Somewhere between a static turned piece, which may hint a movement by exploiting swirls and such in the figure in the wood,carving and piercing or inscirbing swirling lines - and sticking a piece on the end of a springy piece of wire, or hiding a little micro-robot under it that can make the piece crawl away, there's another way of adding movement, or the illusion of movement - and Walt Disney used it very well - and quite profitably. It's Cell Animation - and the idea has been around for a LONG LONG time.
Cell animation - applied to actual, rather than virtual, 3D. Hmmm. . . .
If you start with the idea of a bubble - sitting on a surface - rising up off that surface and into the air? Intially, the bottom of the bubble would stay stuck to the surface - and the shape, while still symetric about the vertical axis, would deform to an ovoid, getting taller but slenderer as it rises and tries to break free of the surface. Once it does, it will want to return to a sphere, more or less.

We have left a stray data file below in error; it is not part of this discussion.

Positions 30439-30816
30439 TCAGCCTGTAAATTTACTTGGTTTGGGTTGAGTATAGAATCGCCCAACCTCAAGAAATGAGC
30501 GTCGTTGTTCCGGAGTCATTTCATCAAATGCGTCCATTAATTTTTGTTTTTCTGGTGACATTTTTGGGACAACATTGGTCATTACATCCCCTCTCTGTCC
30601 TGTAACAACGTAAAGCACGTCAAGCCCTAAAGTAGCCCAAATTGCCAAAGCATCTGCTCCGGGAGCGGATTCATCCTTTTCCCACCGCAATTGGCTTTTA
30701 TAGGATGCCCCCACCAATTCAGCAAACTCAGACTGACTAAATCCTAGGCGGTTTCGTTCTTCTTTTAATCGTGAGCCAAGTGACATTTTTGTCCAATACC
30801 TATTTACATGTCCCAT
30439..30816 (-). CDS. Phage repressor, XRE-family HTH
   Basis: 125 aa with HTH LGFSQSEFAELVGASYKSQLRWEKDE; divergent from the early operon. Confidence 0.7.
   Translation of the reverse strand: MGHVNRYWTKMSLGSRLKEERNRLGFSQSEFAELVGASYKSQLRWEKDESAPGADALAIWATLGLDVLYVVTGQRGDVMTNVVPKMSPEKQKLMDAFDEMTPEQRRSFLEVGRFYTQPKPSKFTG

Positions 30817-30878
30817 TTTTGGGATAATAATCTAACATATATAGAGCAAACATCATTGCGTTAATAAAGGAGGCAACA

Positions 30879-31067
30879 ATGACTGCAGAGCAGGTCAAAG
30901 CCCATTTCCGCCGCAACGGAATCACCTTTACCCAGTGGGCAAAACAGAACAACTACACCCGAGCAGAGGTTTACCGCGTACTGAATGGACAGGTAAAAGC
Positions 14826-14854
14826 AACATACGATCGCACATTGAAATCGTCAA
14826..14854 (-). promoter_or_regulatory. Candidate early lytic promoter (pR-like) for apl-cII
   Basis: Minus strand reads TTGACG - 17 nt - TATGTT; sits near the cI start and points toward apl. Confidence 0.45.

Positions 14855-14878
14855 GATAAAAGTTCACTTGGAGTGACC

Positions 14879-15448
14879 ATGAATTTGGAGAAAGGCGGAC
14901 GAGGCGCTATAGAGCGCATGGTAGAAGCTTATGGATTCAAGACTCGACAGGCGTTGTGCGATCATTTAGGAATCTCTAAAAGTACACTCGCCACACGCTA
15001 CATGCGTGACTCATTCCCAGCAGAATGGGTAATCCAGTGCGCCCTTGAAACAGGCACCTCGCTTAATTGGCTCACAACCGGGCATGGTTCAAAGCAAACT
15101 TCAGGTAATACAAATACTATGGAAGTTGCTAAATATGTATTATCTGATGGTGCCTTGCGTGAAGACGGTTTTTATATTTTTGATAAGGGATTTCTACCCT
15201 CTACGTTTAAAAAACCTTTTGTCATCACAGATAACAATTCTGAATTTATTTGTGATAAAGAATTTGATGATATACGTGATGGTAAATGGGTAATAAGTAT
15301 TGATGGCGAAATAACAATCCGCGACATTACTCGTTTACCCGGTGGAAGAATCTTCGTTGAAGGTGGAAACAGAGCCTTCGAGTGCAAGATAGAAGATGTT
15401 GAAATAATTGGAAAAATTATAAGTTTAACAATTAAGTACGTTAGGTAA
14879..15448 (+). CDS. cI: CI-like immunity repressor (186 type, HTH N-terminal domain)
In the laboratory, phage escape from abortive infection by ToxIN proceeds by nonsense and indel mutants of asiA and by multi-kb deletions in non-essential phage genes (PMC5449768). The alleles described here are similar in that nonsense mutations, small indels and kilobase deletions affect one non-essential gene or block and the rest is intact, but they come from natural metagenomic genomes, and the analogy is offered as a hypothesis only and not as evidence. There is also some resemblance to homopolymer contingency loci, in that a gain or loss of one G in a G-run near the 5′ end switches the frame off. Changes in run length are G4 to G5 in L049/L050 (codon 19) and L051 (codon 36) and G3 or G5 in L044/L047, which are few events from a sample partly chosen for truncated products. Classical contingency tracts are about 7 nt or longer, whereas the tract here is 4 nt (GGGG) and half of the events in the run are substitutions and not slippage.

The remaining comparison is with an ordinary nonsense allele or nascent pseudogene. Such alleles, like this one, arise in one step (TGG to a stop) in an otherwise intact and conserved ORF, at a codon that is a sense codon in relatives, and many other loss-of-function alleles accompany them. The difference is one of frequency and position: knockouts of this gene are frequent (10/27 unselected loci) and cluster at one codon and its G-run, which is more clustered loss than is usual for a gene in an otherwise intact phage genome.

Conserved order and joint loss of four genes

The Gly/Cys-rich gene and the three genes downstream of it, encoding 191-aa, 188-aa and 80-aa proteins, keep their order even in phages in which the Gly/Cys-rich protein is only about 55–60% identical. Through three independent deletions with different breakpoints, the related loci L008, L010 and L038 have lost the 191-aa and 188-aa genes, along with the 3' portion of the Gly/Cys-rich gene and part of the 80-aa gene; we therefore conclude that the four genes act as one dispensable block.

All the shapes lend themselves to turning - all with at least one axis of symetry.
Hmmmm . . .
A dozen turned pieces - mounted on a LayZSusan.
Hmmmmmm . . . Some small diameter piano/spring wire, a bit of judicious drilling and glueing . . .
Bob Macgregor, again from WoodCentral's Turning forum, suggested a carousel to mount the pieces on - that could be spun. LayZSusans are readility available.
Spin the LayZSusan and get something like this
Some interesting possibilities using the idea of Cell Animation. Wonder where that'll go.